FHA Legislation Creates Insurance for HUD Reverse Mortgages
Nobody really knows for sure just what piece of FHA legislation created insurance for HECM reverse mortgages, but whoever thought of putting it in the program is a smart one. You can look up the HUD Handbook 4235 to see a very specific provision on this insurance.
Reverse mortgages allows elderly seniors who are at least 62 years old to take out a loan against their home equity. Unlike typical mortgages where the borrower has to make monthly payments, with reverse mortgages, the payment is deferred until the owner dies, moves out, or the house is sold. It is easy to pinpoint the deferred payment as the cause of the great popularity of reverse mortgages.
As with any kind of loan, there are closing costs associated with reverse mortgages. Interest rates, too, are determined by benchmarks – the 10-year T-Bill rates or the LIBOR index. The piece in the legislation puzzle that is making the FHA's reverse mortgages as popular as they are can be described in two words: FHA insurance. This insurance is what saves you in case your home's sales proceeds fall short in repaying the loan (principal plus interest rates and associated costs).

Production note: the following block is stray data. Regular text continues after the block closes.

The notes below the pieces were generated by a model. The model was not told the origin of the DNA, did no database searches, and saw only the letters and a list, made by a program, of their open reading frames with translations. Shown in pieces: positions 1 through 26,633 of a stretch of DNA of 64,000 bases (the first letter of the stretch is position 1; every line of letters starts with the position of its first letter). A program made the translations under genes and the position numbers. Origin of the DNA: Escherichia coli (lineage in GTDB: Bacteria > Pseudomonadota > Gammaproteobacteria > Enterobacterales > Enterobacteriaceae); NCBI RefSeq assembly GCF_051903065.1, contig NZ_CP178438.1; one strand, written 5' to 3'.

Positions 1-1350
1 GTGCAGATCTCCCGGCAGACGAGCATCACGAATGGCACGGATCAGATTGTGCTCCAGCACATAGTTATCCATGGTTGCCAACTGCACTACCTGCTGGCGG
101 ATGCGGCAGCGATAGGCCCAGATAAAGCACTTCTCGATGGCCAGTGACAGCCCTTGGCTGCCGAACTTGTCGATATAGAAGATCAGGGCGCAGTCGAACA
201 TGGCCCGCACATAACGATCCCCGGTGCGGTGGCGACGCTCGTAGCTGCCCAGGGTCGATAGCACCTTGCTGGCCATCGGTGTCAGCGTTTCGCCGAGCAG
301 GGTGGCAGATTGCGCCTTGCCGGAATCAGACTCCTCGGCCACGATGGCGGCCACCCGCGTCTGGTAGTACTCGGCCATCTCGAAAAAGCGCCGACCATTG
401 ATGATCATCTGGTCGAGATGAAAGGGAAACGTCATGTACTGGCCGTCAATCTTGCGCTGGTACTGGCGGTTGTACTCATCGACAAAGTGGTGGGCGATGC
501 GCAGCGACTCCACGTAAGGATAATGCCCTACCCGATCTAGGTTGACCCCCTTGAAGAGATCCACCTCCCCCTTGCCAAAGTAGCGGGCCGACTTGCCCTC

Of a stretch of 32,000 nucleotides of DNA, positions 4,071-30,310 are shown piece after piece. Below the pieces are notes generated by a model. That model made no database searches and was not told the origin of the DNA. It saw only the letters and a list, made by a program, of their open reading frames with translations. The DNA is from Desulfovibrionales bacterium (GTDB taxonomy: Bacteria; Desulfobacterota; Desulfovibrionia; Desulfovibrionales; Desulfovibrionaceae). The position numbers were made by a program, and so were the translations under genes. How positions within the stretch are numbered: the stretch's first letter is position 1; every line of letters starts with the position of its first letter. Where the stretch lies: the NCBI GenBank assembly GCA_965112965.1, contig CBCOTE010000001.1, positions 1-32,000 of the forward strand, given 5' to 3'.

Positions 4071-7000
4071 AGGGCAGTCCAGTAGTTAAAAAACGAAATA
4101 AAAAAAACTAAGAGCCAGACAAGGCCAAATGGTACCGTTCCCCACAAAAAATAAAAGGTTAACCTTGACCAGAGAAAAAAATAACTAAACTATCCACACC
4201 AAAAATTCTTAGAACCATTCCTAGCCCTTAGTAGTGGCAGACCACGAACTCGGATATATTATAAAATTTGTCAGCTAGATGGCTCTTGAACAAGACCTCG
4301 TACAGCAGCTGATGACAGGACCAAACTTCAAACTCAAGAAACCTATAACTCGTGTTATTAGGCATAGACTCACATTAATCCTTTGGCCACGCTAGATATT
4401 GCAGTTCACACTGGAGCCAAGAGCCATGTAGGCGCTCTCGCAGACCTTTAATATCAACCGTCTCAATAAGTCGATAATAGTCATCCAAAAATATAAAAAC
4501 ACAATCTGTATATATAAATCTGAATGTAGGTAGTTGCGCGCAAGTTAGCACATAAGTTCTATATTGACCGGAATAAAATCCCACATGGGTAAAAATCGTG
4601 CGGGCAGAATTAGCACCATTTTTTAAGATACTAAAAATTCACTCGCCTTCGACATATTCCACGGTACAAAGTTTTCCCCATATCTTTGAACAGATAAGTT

HUD-FHA insurance for reverse mortgages is known as the Mortgage Insurance Premium (MIP). You will find that the MIP is actually a required cost in the closing of reverse mortgages. This is in addition to the loan's origination fee and other closing-related costs. At the start the MIP is equal to 2% of the loan. During the second year and the succeeding years, the MIP falls to 0.5% of the loan balance.
As far as reverse mortgages are concerned, the HUD-FHA legislation requires that the insurance be used for:
- Paying the reverse mortgage lender in case the sales proceeds or refinancing of the house is not enough to cover the balance of the loan. When this happens, FHA claims the insurance in order to repays the lender.
- If the company servicing the reverse mortgage files for bankruptcy, the FHA claims the insurance so that the borrower can still access his money.
If you are thinking about taking out a reverse mortgage, you should know that the loan amount that is made available to borrowers is dependent on five factors (again these are indicated in FHA's legislation):
- The property's appraised value, its conformity to FHA-HUD standards for safety and structural design. Liens against property are also considered.
- The prevailing interest rate based on the 10-year Treasury Bill or the LIBOR index.
- The age of the borrower. At all times, the older the borrower, the more money he or she can get.
- The choice of payment method, whether it is lump sum, line of credit, or monthly payments. Interest fees are at their highest when you opt to be paid in a lump sum, while a credit line maximizes your money. Monthly payments are paid out as long as the borrower lives.
- The location of the property. The FHA has different maximum loan amounts from county to county.
The five factors all contribute to the Total Annual Lending Cost (TALC) of the loan.